Madhubani District, Bihar
With 13 years of experience, auxiliary nurse midwife (ANM) Jayanti has been working at the 30-bedded community health center (CHC) at Khutauna in Madhubani district of Bihar and is not new to managing risks and complications. But when COVID-19 arrived and started spreading fast, she found it hard to ascertain all the precautionary steps that needed to be taken right away to safeguard her facility. Plus, she felt an unprecedented fear that this pandemic could place a heavy burden on essential services like maternal and newborn health (MNH) care services at the CHC, which caters to more than 250,000 people living in nearby communities across 47 villages and conducts around 400 deliveries a month.
So, when Jhpiego’s team, which was already working in five districts in Bihar with support from The David and Lucile Packard Foundation with a mandate to improve quality in family planning (FP) and strengthening postpartum FP services, reached out to Jayanti’s facility for participation in an online COVID-19 training, Jayanti was quick to accept and ensure her attendance. She wanted to be equipped with accurate information and be able to separate myths from facts, not only to save mothers and their newborns, but also to protect everybody else at her facility.
“Our safety, as well as safety of our clients,” she says, reflecting on how both are non-negotiable, when trying to break the chain of the current pandemic. In fact, thankful for the insights gained during this training, Jayanti ensured that she passed on the information to those at her facility who were not able to attend the training with her. Right after the training, the Jayanti and her team got going to ensure safety at their facility and ensure continuation of essential MNH services.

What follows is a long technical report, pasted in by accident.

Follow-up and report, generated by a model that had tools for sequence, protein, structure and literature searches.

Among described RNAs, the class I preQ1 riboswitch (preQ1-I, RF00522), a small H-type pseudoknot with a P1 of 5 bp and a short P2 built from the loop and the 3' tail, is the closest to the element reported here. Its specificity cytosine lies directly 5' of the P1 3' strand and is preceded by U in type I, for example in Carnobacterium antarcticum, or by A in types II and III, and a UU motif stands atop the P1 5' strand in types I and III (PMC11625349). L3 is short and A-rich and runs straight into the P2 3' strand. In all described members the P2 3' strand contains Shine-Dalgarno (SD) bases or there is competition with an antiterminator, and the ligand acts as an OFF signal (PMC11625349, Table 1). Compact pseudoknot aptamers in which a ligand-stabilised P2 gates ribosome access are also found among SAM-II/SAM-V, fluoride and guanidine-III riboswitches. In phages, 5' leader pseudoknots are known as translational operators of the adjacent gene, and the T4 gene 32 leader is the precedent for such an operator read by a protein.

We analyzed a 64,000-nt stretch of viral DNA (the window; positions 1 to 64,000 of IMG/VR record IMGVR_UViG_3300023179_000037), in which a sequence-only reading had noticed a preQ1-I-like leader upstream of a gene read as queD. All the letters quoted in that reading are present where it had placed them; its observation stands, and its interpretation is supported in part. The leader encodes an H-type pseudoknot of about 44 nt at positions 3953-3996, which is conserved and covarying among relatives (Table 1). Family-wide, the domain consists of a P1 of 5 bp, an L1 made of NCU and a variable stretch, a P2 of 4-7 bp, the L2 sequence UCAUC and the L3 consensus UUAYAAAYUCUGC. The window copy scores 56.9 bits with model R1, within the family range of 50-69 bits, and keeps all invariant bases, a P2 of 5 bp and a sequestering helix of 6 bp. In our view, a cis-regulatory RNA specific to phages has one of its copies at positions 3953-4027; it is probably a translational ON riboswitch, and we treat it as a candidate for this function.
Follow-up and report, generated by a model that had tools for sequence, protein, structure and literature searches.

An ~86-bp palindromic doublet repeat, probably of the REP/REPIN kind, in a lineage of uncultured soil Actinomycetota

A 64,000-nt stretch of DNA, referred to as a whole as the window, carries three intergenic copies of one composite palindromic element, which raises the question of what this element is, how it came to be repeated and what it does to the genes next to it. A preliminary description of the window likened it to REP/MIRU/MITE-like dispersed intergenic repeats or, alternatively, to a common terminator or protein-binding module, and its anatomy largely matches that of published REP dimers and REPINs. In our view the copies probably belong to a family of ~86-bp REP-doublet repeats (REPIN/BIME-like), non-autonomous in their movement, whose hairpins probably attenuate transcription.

“As a part of general hygiene during COVID-19 we are cleaning the labor room as well as the labor table with hypochlorite solution after every delivery. We are also ensuring the client’s cleanliness by asking the client and the attendants to wash their hands and feet regularly, and after shifting the client to the ward we are making sure that there is only one attendant and that s/he is maintaining 1-meter distance from the client,” says the ANM.
The virtual training included information on facility preparedness in the context of COVID-19, wearing available personal protective equipment (PPE) properly in order to minimize exposure and prevent transmission of a disease. The training also gave information relating to specific care of pregnant and breastfeeding women during an infectious disease spread, an area Jayanti was particularly concerned about. As a frontline health worker, continuously performing the dual role of responding to this outbreak, and providing essential health services to the community members she serves, Jayanti is grateful that she could put her learnings from the training to practice immediately.
“During my labor room duty, a client who had come for delivery had slight fever and was continuously coughing. Suspecting that she might be suffering from COVID-19, I provided her a mask, and took necessary steps to protect myself by wearing PPE before proceeding with the delivery. After the baby was delivered, I ensured that the baby was breastfed. I would have probably not initiated the breastfeeding, had I not taken the training, because I would have thought that virus could spread through mother’s milk. The training on best practices for pregnant women and new mothers during COVID-19 has really helped me to prepare myself in such situations,” says the ANM.
In Bihar, in April 2020, thanks to support from the state government, Bill & Melinda Gates Foundation and The David and Lucile Packard Foundation, COVID-19 awareness trainings were conducted at intervention facilities in all 38 districts, helping even seasoned health care staff, like Jayanti, prepare for this unprecedented pandemic.